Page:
“In this pathbreaking study, Delia Ungureanu uncovers the circuitous routes by which a local Parisian movement became a global literary and artistic phenomenon. She unfolds the rivalries and the hidden debts of a gallery of larger-than-life figures, from André Breton and Salvador Dalí to Jorge Luis Borges, Vladimir Nabokov, and Orhan Pamuk. With its compelling blend of cultural history, literary analysis, and scholarly detective work, “From Paris to Tlön” belongs in every surrealist’s flea market and every comparatist’s library.” – David Damrosch, Ernest Bernbaum Professor of Literature, Harvard University, USA
“Surrealism began as a movement in poetry and visual art, but it turned out to have its widest impact worldwide in fiction-including in major world writers who denied any connection to surrealism at all.
At the heart of this book are discoveries Delia Ungureanu has made in the archives of Harvard’s Widener and Houghton libraries, where she has found that Jorge Luis Borges and Vladimir Nabokov were greatly indebted to surrealism for the creation of the pivotal characters who brought them world fame: Pierre Menard and Lolita.
In “From Paris to Tlön: Surrealism as World Literature“, Delia Ungureanu explores the networks of transmission and transformation that turned an avant-garde Parisian movement into a global literary phenomenon.
“From Paris to Tlön” gives a fresh account of surrealism’s surprising success, exploring the process of artistic transfer by which the surrealist object rapidly evolved from a purely poetic conception to a mainstay of surrealist visual art and then a key element in late modernist and postmodern fiction, from Jorge Luis Borges and Valdimir Nabokov to such disparate writers as Gabriel García Márquez, Haruki Murakami, and Orhan Pamuk in the 21st century.”
Table of contents
1. Intellectual Networks and Surrealist Objects
2. On the Road to Establishment: Surrealism in the 1930s
3. Pierre Menard the Sur-realist
4. Surrealism on the New York Market
5. The Battle Over the New World
6. From Dulita to Lolita
7. The Ghosts of Surrealism in the World Novel
“From Paris to Tlön” provides unexpected and innovative perspectives on very widely read, widely taught, highly admired masterpieces by brilliant, cosmopolitan aesthetic stylists:
Borges’s “Pierre Menard” and Nabokov’s “Lolita”.
The impressive scholarship includes real detective work in primary materials, especially little magazines across the world, and makes previously unrecognized connections, providing valuable coverage of Surrealism in North and South America and making the figure of Salvador Dalí more comprehensible. Anyone reading the book will learn something new from it, even beyond what we would call its big ideas. Essential for any cultured person.” – Jonathan Arac, Andrew W. Mellon Professor of English, University of Pittsburgh, USA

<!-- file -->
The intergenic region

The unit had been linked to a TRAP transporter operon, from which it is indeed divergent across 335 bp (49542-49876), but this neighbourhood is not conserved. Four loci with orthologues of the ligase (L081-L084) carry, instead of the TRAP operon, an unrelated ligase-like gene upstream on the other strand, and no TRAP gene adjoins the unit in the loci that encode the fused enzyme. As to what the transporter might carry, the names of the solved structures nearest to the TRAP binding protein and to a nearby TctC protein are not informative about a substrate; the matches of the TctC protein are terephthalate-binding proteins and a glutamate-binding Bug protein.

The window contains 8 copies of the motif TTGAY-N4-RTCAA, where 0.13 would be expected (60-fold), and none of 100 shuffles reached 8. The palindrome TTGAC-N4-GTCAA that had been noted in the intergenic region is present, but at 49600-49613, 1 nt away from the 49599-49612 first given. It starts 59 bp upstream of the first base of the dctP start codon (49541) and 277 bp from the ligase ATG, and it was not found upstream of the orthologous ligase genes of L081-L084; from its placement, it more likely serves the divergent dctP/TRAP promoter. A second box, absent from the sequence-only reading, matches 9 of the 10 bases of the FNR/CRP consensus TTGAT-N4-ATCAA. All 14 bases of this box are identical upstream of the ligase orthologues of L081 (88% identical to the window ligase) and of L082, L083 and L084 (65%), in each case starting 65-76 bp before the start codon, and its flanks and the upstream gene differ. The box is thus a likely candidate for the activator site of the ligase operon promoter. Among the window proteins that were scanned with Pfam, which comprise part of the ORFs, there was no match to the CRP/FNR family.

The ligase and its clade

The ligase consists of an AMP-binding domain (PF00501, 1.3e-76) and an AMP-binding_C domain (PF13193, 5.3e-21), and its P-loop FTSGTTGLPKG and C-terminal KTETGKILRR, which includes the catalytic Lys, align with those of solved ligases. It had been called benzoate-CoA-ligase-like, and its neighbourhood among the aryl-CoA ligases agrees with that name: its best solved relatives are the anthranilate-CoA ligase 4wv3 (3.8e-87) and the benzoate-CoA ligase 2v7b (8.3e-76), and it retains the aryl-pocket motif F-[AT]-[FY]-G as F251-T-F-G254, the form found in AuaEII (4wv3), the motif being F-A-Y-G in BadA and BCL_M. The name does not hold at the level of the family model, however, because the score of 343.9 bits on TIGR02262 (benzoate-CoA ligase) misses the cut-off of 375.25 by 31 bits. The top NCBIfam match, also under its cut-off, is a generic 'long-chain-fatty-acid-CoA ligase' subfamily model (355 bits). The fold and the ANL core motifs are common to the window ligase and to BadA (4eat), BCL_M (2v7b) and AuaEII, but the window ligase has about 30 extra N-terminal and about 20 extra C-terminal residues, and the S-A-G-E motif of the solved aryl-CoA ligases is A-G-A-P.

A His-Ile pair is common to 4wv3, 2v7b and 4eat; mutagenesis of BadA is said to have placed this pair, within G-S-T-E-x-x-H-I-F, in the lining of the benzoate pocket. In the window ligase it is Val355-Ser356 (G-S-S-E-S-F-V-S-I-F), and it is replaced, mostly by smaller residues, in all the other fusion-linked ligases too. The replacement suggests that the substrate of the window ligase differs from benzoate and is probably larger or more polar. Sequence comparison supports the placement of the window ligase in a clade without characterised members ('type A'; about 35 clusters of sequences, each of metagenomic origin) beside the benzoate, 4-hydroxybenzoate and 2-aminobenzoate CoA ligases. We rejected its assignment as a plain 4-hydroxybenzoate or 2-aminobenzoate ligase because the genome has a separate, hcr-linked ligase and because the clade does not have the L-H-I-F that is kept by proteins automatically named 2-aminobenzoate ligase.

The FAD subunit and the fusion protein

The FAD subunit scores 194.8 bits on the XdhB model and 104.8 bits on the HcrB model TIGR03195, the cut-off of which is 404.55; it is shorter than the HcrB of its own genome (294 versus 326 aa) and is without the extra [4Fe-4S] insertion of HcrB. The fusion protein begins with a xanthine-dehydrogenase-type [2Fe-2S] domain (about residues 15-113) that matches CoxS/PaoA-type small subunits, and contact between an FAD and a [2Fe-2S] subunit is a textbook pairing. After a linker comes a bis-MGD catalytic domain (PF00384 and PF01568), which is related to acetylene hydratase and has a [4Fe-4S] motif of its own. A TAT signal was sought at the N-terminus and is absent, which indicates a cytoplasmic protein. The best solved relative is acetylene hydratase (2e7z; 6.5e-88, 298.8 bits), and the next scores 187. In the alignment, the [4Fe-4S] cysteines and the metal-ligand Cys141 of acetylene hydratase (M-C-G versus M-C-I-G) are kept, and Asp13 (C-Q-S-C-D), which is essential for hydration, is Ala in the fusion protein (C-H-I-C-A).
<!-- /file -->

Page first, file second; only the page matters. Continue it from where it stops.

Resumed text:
“A scintillating piece of ‘detective literary criticism,’ as Ungureanu aptly defines the genre of her study, “From Paris to Tlön” adds significantly to our knowledge and understanding of surrealism as a global phenomenon.
Perhaps the single most original contribution of this book is to have demonstrated the seminality of surrealism for a number of important writers not habitually associated with the movement (Nabokov and Pamuk, amongst others).” – Galin Tihanov, George Steiner Professor of Comparative Literature, Queen Mary University of London, UK
“Delia Ungureanu’s book demonstrates that a transnational approach to literary history can help us ground comparative readings of texts and reveal hidden intertextual links.
“From Paris to Tlön” is a major contribution to our understanding of the circuits and networks through which surrealism became part of the world literature canon, and it is a model for further research on world literature as well as for literary history.” – Gisèle Sapiro, Professor of Sociology, School for Advanced Studies in the Social Sciences, France
She is the author of “From Paris to Tlön: Surrealism as World Literature” (forthcoming from Bloomsbury), and of “Poetica Apocalipsei: Războiul cultural în revistele literare românești” (1944–1947) (The Poetics of Apocalypse: The cultural war in Romanian literary magazines, 1944-1947, Bucharest UP, 2012).
She has published essays on canon formation, modern poetry and poetics, Shakespeare, and Nabokov, and is coediting Romanian Literature for the World: Circulation and Exchange on the International Market, a special issue of the Journal of World Literature.